Kid-friendly Silken Lemon Meringue Pie Pudding Recipe - Sticky Fingers Cooking
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Recipe: Silken Lemon Meringue Pie Pudding

Recipe: Silken Lemon Meringue Pie Pudding

Silken Lemon Meringue Pie Pudding

by Dylan Sabuco
Photo by RomanaMart/Shutterstock.com
prep time
10 minutes
cook time
makes
4-6 servings

Fun Food Story

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Silken Lemon Meringue Pie Pudding

While the name "Silken Lemon Meringue Pie Pudding" suggests the presence of meringue, there's no meringue in the mix. This gives the dessert a smoother feel, which many find appealing. Try layering the pudding with our English Eton Mess Fruit Salad for a dessert that is similar to a trifle without the cake.  

Happy & Healthy Cooking,

Chef Erin, Food-Geek-in-Chief

Fun-Da-Mentals Kitchen Skills

  • blend :

    to stir together two or more ingredients until just combined; blending is a gentler process than mixing.

  • measure :

    to calculate the specific amount of an ingredient required using a measuring tool (like measuring cups or spoons).

Equipment Checklist

  • Blender (or pitcher + immersion blender)
  • Measuring spoons
  • Dry measuring cups
  • Zester (or grater with small zesting plate/side)
  • Cutting board + kid-safe knife
  • Citrus squeezer or juicer
scale
1X
2X
3X
4X
5X
6X
7X

Ingredients

Silken Lemon Meringue Pie Pudding

  • 1 12-16 oz pkg silken tofu **(for SOY ALLERGY sub 1 1/2 C plain Greek yogurt or dairy-free/nut-free yogurt)**
  • 1 lemon, zested and juiced
  • 1 tsp pure vanilla extract **(for GLUTEN ALLERGY use certified gluten-free pure vanilla extract, not imitation vanilla flavor—check label)**
  • 1/2 C granulated sugar

Food Allergen Substitutions

Silken Lemon Meringue Pie Pudding

  • Soy: Substitute 1 1/2 C plain Greek yogurt (or dairy-free/nut-free yogurt) for 1 pkg silken tofu.
  • Gluten/Wheat: Use certified gluten-free pure vanilla extract, not imitation vanilla flavor.

Instructions

Silken Lemon Meringue Pie Pudding

1.
measure + drain

Open 1 package of silken tofu and drain any excess water. Pour the tofu into a blender. Measure 1 teaspoon vanilla extract and 1/2 cup sugar and add them to the blender with the tofu.

2.
zest + juice

Have your kids zest and juice 1 lemon into the blender.

3.
blend + serve

Blend all the ingredients. Take a taste test. If needed, add more sugar 1 to 2 teaspoons at a time. Once the flavor is perfect, if you are also making the English Eton Mess Fruit Salad (see recipe), layer the two completed recipes in cups. Or enjoy it on its own, chilled overnight. Eat and enjoy!

Surprise Ingredient: Tofu!

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Photo by KatMoy/Shutterstock.com

Hi! I'm Tofu!

"I'm also called "bean curd" because Tofu (TOH-foo) is made from soybeans. I'm a great substitute for meat and eggs in many recipes, while my spongy texture absorbs the flavors of a dish's marinade, sauce, or seasoning!"

History & Etymology

  • Sources disagree on when the making of tofu began. Some say it was discovered about 2,000 years ago in China during the Han dynasty, and some say it was closer to 1,000 years ago. Legend says that Prince Liu An found the process for making tofu during the Han dynasty. Whether he did or the invention was just attributed to him, the Han dynasty tofu may not have resembled what we have now.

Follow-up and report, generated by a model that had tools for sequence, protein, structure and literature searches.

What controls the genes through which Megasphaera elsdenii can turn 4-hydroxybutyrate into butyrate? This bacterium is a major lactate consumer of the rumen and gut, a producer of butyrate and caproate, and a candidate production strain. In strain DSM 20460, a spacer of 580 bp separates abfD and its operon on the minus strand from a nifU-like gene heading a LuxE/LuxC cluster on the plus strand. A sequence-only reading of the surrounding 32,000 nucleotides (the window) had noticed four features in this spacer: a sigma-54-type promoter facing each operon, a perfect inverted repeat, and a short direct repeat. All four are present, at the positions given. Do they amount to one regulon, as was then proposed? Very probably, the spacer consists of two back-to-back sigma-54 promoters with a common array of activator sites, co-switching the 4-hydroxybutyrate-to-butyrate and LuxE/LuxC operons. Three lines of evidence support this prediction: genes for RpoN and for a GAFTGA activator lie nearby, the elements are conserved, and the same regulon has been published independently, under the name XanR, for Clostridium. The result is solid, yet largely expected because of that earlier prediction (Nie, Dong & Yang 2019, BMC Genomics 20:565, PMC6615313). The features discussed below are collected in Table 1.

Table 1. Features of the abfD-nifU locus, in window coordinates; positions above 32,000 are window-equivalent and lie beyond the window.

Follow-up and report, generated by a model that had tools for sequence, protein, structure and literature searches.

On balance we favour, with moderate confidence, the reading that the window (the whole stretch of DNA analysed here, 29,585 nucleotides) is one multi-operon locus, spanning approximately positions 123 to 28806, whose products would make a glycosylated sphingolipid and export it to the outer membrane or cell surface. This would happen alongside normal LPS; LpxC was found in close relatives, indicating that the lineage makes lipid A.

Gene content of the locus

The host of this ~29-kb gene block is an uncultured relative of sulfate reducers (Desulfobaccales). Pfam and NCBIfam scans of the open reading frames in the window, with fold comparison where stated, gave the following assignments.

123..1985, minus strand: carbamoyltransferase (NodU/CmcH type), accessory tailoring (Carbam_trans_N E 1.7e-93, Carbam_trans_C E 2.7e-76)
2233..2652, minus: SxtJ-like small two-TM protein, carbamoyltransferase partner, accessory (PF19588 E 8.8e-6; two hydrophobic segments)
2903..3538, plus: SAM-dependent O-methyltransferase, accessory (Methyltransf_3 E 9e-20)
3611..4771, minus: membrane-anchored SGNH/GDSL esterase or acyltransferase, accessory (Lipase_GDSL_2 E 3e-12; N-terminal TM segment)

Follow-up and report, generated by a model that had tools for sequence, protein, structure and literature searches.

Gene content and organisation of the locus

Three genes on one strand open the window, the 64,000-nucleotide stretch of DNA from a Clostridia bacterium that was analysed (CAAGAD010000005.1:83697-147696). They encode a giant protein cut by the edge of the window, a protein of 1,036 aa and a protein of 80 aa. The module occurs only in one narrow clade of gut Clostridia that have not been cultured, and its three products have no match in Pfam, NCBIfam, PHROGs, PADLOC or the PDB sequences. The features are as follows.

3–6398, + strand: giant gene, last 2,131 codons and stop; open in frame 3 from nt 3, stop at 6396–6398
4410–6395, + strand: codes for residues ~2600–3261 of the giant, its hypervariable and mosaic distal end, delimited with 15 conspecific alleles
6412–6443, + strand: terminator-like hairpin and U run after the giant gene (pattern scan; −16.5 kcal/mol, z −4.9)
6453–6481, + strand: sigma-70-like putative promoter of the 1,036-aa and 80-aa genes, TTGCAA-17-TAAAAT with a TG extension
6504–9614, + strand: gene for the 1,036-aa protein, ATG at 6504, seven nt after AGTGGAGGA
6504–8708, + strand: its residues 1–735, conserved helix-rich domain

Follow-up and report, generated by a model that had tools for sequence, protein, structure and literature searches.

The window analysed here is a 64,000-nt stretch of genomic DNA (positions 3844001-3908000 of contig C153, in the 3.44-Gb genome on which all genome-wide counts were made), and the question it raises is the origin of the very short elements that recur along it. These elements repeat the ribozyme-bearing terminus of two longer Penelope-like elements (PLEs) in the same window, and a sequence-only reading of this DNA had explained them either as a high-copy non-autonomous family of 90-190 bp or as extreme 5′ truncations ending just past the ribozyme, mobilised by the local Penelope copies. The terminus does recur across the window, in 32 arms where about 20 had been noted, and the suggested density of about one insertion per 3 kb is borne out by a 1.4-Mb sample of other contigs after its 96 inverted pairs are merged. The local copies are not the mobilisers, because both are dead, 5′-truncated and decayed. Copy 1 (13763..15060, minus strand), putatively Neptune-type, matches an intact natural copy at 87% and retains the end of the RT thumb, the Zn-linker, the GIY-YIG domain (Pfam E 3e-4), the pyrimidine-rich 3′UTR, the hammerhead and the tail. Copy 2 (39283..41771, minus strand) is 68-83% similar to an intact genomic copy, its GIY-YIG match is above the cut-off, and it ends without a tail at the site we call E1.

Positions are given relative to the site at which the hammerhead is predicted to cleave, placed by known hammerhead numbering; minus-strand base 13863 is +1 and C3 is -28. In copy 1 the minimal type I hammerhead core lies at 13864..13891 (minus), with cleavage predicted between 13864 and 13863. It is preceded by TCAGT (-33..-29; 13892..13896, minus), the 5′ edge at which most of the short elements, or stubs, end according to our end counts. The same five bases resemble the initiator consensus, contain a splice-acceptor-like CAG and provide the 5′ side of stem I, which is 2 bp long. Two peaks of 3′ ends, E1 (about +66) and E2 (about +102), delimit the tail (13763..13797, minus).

• Another theory for tofu's discovery is ascribed to the addition of impure sea salt to a boiled soybean mixture that caused the concoction to curdle. Some also believe the credit goes to borrowed milk-curdling techniques from the Mongolians or East Indians.
  • Zen Buddhist monks introduced "Chinese tofu" to Japan in the late 8th century, where it was used as a replacement for meat and fish. Chinese immigrants brought tofu to Southeast Asia sometime between the 10th and 11th centuries. 
  • In the United States, tofu was first mentioned by Benjamin Franklin in letters written to two different people. He had tried it in London and referred to it as Chinese "cheese" made from soybeans.
  • The first tofu factory in the United States was established in 1878. The oldest currently running tofu company is Ota Tofu in Portland, Oregon, founded in 1911. 
  • The word "tofu" comes from the Japanese "tōfu," from the Chinese "dòufu," from "dòu" ("beans") and fŭ ("rot").

How to Select & Eat

  • The types of tofu you can buy are silken or soft, medium (regular or medium-firm), firm, and extra firm. 
  • Silken or soft tofu has not been pressed and has a higher moisture content than firmer tofu. It is similar to yogurt or pudding or a soft, early cheese. You can use it to make smoothies or as a replacement for eggs.
  • Medium tofu is a popular type, referred to as just "tofu" on some labels. It has a porous texture that is good for mopping up sauces. 
  • Firm tofu has been drained and pressed but still has a high moisture content. Its outside texture is similar to raw meat, and when you press it, it will bounce back. The inside is similar to a firm custard. Firm tofu is versatile to cook and can be pan-fried, deep-fried, or stir-fried. 
  • Extra-firm tofu has had a larger amount of liquid pressed out, and its texture is closer to fully-cooked meat. Therefore, it is a suitable replacement for meat and can be pan-fried, deep-fried, or stir-fried. You can also serve it cold or add it to soup. Extra-firm tofu does not absorb liquid as well as firm tofu, so if you use a marinade, choose medium or firm tofu. 
  • Tofu benefits from being frozen before cooking. Freezing tofu removes more of the liquid and gives it a stronger, firmer, and more meat-like texture. When you cook with frozen tofu, it will not fall apart as easily. Freezing also helps tofu to last longer, and it works with most forms but may be more difficult with the silken type.